“Mrs. Palin’s marriage actually makes her a terrific role model. One of the best choices a woman can make if she wants a career and a family is to pick a partner who will be able to take on equal or primary responsibility for child-rearing.” Cathy Young
Re.: Thanks to Jay Manifold’s argument below and link to Young. Heinlein’s women seemed to me (and I wasn’t a fan and read them long, long ago) a bit how a man imagined a strong woman to be. He is no Michelangelo but both capture energy. David’s beauty is power & grace, the swirling power of God awesome. Of course, his women, too, are muscular. But, then, I’ll take Manifold (and Heinlein’s) model – I’d like to be someone who pulls her weight. Most women would.
The attraction of Democratic largesse for a woman who wants the government as mate is countered by self-reliance (and family-reliance) when a woman takes a fallible & loving, flesh & blood partner. Governor Palin values her husband, which is not submissive but mature. Franklin’s belief that “God helps them that helps themselves” is seldom more true than in marriage. This understanding eliminates the synthetic and sentimental drama of the Lifetime channel, “women’s issue” politics, and daily bitching sessions that resemble spinning car wheels deep in mud. But that understanding, that engagement – not consciousness raising – liberates.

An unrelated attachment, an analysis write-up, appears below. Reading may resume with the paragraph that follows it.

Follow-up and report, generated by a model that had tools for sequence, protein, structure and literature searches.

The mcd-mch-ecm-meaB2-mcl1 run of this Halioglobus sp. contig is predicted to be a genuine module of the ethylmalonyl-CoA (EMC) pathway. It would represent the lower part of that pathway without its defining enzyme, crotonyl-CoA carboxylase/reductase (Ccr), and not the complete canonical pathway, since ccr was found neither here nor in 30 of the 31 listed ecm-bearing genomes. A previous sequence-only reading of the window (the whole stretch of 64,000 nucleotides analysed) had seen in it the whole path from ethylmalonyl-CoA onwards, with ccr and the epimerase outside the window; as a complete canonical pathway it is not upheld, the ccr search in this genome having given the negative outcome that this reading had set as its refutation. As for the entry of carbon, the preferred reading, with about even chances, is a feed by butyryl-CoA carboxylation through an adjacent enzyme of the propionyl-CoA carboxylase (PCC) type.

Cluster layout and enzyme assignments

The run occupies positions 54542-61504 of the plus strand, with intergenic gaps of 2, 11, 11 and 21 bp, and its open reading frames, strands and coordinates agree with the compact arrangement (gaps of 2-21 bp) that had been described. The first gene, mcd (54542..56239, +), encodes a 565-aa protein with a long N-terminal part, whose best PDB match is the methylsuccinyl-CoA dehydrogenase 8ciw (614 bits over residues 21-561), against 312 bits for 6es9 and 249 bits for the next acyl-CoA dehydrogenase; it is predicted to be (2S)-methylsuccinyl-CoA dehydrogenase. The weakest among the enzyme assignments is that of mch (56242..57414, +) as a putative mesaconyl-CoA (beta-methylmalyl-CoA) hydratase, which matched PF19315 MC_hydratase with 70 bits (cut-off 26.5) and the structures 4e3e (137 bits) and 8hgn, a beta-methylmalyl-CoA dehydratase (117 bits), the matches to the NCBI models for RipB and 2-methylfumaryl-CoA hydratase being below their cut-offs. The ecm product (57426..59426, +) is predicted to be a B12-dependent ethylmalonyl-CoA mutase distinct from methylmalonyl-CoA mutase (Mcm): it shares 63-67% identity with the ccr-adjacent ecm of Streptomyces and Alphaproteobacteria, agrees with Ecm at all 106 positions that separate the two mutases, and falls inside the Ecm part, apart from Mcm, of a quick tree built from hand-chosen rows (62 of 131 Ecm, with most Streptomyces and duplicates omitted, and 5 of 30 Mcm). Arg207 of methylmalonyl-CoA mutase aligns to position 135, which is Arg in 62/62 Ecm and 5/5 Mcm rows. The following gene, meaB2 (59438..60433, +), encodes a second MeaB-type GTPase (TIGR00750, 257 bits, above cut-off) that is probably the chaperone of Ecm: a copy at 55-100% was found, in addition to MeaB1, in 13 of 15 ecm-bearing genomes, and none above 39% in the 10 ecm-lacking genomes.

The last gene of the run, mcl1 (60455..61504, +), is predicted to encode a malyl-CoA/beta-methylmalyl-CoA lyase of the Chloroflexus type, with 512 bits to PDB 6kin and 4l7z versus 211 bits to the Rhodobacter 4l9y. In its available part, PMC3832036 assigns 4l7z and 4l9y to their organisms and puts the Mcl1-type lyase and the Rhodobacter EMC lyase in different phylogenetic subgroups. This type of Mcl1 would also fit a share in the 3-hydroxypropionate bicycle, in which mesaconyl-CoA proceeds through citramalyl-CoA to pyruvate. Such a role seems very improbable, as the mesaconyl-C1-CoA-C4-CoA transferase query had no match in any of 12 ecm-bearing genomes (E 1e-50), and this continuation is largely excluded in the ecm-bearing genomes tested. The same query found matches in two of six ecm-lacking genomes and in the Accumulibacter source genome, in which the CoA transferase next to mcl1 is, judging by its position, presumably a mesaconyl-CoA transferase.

Americans value individualism & exploration; our traditional plots often open-ended, conclude with exile or death. Victorians, however, preferred the comedic – marriage, acceptance in a community. But it isn’t sentimental: some marriages worked, some entrapped.
I encouraged my daughters (not always successfully) to read Jane Austen as they started puberty. Her major theme is defining what is (and isn’t) a good spouse. Spinster that she was, she understood that such choices are likely to determine the form of our lives. And she held her heroines responsible. The Marxists may complain that her best husbands are the wealthiest, but I doubted her texts led to materialism or gold digging. After all, Elizabeth first turns down a “safe” if boring match; then she declines Darcy’s rather insulting and oblique proposal despite his wealth. She is reconciled not to his money but to his character. Nor is it sex I want my daughters to fear; rather, the kind of man with whom life is difficult, unpleasant, and soul-destroying. Such men exist – and women sometimes marry them. The strident feminists are not that good at choosing men: perhaps if you assume they are all asses, it is hard to differentiate levels of “assness.”
I’ve never been impressed with women surprised their husbands are jerks. Perhaps I’m a sociopath without appropriate sympathy. The meterologists tell you staying in Galveston risks “certain death”: you assume hyperbole, but does that mean you want to risk even, say, 10% certainty? If your guy hits you or yells at you or is just remarkably stupid, probably neither his temperament nor IQ will improve magically by uttering marriage vows. You deserve better. And so do your children. Of course, youth is not a rational period – and hormones play havoc with common sense. Few of my friends (many divorced) made choices as idiotic as mine (I’m lucky those idiots were not in a hurry to marry me). They were my stupid choices. I want to save my children from stupidity, not responsibility.